MapQuest Is Still A Thing, And It Wants To Rescue Stranded Drivers

November 11, 2014

Remember AOL? Remember its subsidiary, MapQuest? One of the two wants to become relevant again by helping stranded drivers. (Hint: it's not AOL, which is probably beyond help.)

MapQuest won't be towing cars or fixing flats itself. Instead, it's partnered with to provide those services. 

The way the system works seems pretty straightforward. If your car conks out and you're in need of assistance:

1. Crack open the MapQuest app for Android, iOS, or Amazon devices (a Kindle or a Fire phone, if you're one of the five people that own one).

2. Hit the "roadside assistance" button in the MapQuest menu bar.

3. will open automatically, without the need to download a separate app. From there, you can schedule towing, jump starts, and more.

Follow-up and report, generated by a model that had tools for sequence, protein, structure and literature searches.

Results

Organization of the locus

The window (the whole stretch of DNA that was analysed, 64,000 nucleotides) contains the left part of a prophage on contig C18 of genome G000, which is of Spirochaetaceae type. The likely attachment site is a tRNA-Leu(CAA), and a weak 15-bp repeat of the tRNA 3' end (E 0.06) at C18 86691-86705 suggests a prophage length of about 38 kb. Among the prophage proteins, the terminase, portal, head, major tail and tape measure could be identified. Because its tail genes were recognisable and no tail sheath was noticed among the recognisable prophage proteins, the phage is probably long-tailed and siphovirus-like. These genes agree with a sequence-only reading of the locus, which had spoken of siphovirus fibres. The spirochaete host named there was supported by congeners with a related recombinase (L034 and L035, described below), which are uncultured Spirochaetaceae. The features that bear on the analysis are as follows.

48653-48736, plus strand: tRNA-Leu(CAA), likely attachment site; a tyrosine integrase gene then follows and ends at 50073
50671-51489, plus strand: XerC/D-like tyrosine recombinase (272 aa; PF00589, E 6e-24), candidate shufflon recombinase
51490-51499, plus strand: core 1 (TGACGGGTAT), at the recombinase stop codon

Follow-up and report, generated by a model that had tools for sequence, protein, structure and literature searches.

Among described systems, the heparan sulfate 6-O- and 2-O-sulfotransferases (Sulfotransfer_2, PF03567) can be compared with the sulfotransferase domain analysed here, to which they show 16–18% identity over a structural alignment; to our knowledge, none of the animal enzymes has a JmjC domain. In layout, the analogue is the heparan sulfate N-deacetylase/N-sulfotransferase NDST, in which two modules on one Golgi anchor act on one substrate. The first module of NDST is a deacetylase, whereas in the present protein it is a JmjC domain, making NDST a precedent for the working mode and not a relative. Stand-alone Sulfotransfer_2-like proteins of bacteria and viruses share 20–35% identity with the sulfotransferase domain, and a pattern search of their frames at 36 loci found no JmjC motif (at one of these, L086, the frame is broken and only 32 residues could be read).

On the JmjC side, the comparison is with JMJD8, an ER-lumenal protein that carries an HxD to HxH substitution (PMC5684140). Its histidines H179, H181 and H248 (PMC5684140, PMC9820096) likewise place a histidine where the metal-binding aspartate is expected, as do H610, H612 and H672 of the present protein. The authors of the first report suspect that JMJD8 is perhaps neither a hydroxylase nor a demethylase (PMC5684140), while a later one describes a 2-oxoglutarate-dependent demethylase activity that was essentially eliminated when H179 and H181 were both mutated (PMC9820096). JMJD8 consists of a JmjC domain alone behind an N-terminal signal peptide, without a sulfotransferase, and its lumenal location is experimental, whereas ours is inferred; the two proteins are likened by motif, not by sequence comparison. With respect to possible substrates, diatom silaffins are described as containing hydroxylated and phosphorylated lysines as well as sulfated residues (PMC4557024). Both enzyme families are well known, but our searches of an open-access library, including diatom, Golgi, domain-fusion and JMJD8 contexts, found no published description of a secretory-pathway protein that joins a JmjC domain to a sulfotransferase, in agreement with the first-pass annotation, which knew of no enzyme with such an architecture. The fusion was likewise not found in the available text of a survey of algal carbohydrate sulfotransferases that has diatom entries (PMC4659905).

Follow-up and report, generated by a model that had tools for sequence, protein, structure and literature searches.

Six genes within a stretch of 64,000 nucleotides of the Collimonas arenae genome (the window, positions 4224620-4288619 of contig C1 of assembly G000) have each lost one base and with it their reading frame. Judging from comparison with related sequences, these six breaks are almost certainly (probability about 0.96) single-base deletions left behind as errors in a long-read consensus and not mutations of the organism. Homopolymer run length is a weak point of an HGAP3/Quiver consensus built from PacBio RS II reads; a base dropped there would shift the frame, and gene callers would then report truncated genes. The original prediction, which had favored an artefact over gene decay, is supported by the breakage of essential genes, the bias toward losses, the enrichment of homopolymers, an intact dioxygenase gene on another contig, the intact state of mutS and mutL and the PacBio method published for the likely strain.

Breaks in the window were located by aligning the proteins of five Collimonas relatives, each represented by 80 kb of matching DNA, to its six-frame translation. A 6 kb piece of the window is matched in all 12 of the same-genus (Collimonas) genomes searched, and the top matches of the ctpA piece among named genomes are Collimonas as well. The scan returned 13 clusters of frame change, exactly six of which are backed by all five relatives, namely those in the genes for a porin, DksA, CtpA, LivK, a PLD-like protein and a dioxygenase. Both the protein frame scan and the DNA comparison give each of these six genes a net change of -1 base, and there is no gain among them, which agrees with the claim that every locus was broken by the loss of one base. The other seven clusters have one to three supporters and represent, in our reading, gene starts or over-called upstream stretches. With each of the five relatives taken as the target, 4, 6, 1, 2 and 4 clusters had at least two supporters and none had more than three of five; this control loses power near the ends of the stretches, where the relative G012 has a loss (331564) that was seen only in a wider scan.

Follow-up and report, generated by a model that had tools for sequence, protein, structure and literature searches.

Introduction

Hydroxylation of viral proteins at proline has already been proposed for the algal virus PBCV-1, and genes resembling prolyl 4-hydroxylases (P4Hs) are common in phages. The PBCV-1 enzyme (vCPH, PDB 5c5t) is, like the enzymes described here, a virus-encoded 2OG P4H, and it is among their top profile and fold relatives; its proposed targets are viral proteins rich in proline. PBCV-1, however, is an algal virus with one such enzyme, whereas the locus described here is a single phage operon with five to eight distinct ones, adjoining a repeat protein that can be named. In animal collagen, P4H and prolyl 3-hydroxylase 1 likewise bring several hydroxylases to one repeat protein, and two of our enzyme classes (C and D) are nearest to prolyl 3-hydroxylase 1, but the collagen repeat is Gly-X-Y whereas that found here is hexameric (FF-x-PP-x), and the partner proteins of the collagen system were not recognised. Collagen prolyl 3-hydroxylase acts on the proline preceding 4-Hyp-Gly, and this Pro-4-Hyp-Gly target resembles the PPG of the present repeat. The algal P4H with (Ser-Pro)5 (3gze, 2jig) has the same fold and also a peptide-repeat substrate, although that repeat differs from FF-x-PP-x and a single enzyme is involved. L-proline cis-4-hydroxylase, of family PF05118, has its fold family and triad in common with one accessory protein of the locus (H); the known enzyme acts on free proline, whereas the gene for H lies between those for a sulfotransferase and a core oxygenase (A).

Perhaps the major advantage of using is that, unlike many other roadside assistance companies, it doesn't charge an annual fee. Its pay-as-you-go system means that you only pay for what you need, when you need it. ( isn't available from coast to coast just yet, but it's usable in many major metro areas.)

Also, offers the ability to pay for services on your phone, so you can whip out a credit card and take care of that while you're waiting for a truck to arrive. And offers a tracking system, so that you can keep tabs on where your driver is and how long he or she will take to reach you.

That said, there is one thing we don't fully understand: why anyone would use MapQuest, when they could just access directly, via its iOS app or a mobile browser.

Anyone care to explain?

[h/t FastCompany]


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